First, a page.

We now know that it’s not just the Russians attacking American democracy. Before the 2019 protests in Hong Kong, China had mostly focused on domestic platforms such as WeChat. But now China is discovering how much it can do with Twitter and Facebook, for so little money, in its escalating conflict with the U.S. Given China’s own advances in AI, we can expect it to become more skillful over the next few years at further dividing America and further uniting China.

In the 20th century, America’s shared identity as the country leading the fight to make the world safe for democracy was a strong force that helped keep the culture and the polity together. In the 21st century, America’s tech companies have rewired the world and created products that now appear to be corrosive to democracy, obstacles to shared understanding, and destroyers of the modern tower.

Democracy After Babel

We can never return to the way things were in the pre-digital age. The norms, institutions, and forms of political participation that developed during the long era of mass communication are not going to work well now that technology has made everything so much faster and more multidirectional, and when bypassing professional gatekeepers is so easy. And yet American democracy is now operating outside the bounds of sustainability. If we do not make major changes soon, then our institutions, our political system, and our society may collapse during the next major war, pandemic, financial meltdown, or constitutional crisis.

What changes are needed? Redesigning democracy for the digital age is far beyond my abilities, but I can suggest three categories of reforms––three goals that must be achieved if democracy is to remain viable in the post-Babel era. We must harden democratic institutions so that they can withstand chronic anger and mistrust, reform social media so that it becomes less socially corrosive, and better prepare the next generation for democratic citizenship in this new age.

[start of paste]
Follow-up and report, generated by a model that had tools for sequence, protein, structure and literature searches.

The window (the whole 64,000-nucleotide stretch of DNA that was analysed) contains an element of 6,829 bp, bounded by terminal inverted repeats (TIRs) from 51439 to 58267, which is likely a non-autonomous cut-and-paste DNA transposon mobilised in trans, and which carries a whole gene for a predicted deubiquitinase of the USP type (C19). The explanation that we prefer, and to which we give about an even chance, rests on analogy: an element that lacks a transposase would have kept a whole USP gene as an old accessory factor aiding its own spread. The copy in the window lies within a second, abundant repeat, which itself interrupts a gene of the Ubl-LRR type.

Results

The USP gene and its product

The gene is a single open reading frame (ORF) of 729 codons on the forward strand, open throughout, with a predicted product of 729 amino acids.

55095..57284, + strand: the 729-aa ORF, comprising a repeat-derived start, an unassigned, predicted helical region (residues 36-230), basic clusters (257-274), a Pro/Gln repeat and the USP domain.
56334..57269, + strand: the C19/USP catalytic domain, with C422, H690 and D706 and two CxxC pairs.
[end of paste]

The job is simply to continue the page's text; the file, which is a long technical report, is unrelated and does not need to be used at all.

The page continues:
Harden Democratic Institutions

Political polarization is likely to increase for the foreseeable future. Thus, whatever else we do, we must reform key institutions so that they can continue to function even if levels of anger, misinformation, and violence increase far above those we have today.

For instance, the legislative branch was designed to require compromise, yet Congress, social media, and partisan cable news channels have co-evolved such that any legislator who reaches across the aisle may face outrage within hours from the extreme wing of her party, damaging her fundraising prospects and raising her risk of being primaried in the next election cycle.

Reforms should reduce the outsize influence of angry extremists and make legislators more responsive to the average voter in their district. One example of such a reform is to end closed party primaries, replacing them with a single, nonpartisan, open primary from which the top several candidates advance to a general election that also uses ranked-choice voting. A version of this voting system has already been implemented in Alaska, and it seems to have given Senator Lisa Murkowski more latitude to oppose former President Trump, whose favored candidate would be a threat to Murkowski in a closed Republican primary but is not in an open one.

A second way to harden democratic institutions is to reduce the power of either political party to game the system in its favor, for example by drawing its preferred electoral districts or selecting the officials who will supervise elections. These jobs should all be done in a nonpartisan way. Research on procedural justice shows that when people perceive that a process is fair, they are more likely to accept the legitimacy of a decision that goes against their interests. Just think of the damage already done to the Supreme Court’s legitimacy by the Senate’s Republican leadership when it blocked consideration of Merrick Garland for a seat that opened up nine months before the 2016 election, and then rushed through the appointment of Amy Coney Barrett in 2020. A widely discussed reform would end this political gamesmanship by having justices serve staggered 18-year terms so that each president makes one appointment every two years.

Reform Social Media

A democracy cannot survive if its public squares are places where people fear speaking up and where no stable consensus can be reached. Social media’s empowerment of the far left, the far right, domestic trolls, and foreign agents is creating a system that looks less like democracy and more like rule by the most aggressive.